How to get what you want from epoxy – for me it is long life, shock resistance and strength


Folks, I work a lot with epoxy and reply on it as a structural adhesive to both fill gaps and bond parts together.  I’ve done everything from fixing car parts, wood furniture, tools, rifle bedding, scope mount bedding, custom knife handles and much more with epoxy.  It is incredibly versatile but you need to do some planning to really get what you want out of it predictably.

In case you didn’t know it, “epoxy” is a general term for a wide range of cured polyepoxide resins glues with different physical characteristics such as how long they cure, strength, temperature resistance and so forth (click here if you want to learn more about the chemistry).   There are a ton of options out there as quality manufacturers experiment with different resin and hardener formulations.  In short, not all epoxies are the same and for people concerned with the quality of what they are building, they need to think things through.  For quite some time I’ve wanted to write down a series of tips for folks to get strong reliable results so here they are:

Buy a quality brand epoxy to begin with

What I have found over the years is that not all epoxies are created equal so spend the money and buy quality epoxy.  There can be a huge difference in how well the epoxy will last over time and/or how strong it really is.  Do not buy the bargain basement junk.  In general, if the maker lists all the physical properties then it is a well thought out and executed formula.  I have three epoxies that I use the most in order are Brownell’s AcraGlas liquid (not the gel), Locite E-120HP, JB KwikWeld and ITW Devcon Plastic Steel.  Once in a while if I need a fast cure epoxy, I will get a retail blister pack of some five minute epoxy and I’ll explain more in a moment.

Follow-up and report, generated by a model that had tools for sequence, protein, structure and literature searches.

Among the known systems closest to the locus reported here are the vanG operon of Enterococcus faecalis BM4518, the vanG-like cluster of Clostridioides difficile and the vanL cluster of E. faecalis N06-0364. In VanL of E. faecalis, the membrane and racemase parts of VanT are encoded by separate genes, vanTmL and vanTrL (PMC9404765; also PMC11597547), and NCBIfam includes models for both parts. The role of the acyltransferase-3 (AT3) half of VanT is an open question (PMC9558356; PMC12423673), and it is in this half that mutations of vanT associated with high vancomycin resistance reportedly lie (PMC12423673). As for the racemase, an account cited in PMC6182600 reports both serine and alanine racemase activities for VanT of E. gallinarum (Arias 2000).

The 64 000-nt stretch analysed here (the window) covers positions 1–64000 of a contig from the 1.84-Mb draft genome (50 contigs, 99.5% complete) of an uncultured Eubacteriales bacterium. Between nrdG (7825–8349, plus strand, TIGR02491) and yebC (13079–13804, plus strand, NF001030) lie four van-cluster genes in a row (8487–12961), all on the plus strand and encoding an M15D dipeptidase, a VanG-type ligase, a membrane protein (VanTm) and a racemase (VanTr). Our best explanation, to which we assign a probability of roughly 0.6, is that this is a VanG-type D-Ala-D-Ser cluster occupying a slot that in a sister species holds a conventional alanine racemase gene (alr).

Strongly consider what your application is

Epoxy comes in many formulations.  They can vary the chemistry of the resin, the hardener and the filler to behave differently.  Consider the following example characteristics:

  • Liquid, Gel/Paste or Putty/Bar — The liquid can seep into pores and fibers plus it can be spread but it can run into places you do not want.  Gels and pastes tend to stay put better but do not seep in as well.  The really thick puttys and bars are great for filling space or creating an impromptu clamp or to seal a hole but they definite don’t sink in much.
  • Temperature – you need to think both about the temperature when you are mixing and applying the epoxy as some will not set up at all if too cold.  You also need to think about the heat when in operation because many epoxies soften and lose their bond the hotter they get.   For example, you may apply epoxy to an exhaust manifold but it will blow off when it gets hot.
  • Pot life – this is how long you can still apply it before it starts to thicken.  Some folks will refer to this as working time.  You need to mix the two parts together, apply the epoxy, position and clamp the work before you run out of time.  Keep this in mind.
  • Cure time – this is how long until the epoxy reaches full strength
  • Color – you can get epoxies in different colors
  • Ratio / mixing – some are by volume or by weight.  The easy consumer stuff is usually 1:1 by volume but when you get into the more sophisticated epoxies the volumes vary or a digital scale is needed
  • Heat resistance – some epoxies resist heat better than others before they soften and “let go”
  • Shock resistance – some formulations hold up better than others before they start the break apart and “sugar”.  Sugaring refers to the powdery look epoxy gets as it breaks apart.  Brownell’s AcraGlas, Loctite E-120HP, JB KwikWeld and ITW Devcon Plastic Steel have all held up very well for me under shocks.  My go-to epoxy for most work is Acra-Glas liquid because it holds up so very well.
  • Others – there are other factors that may matter to you but the important thing is to think through your application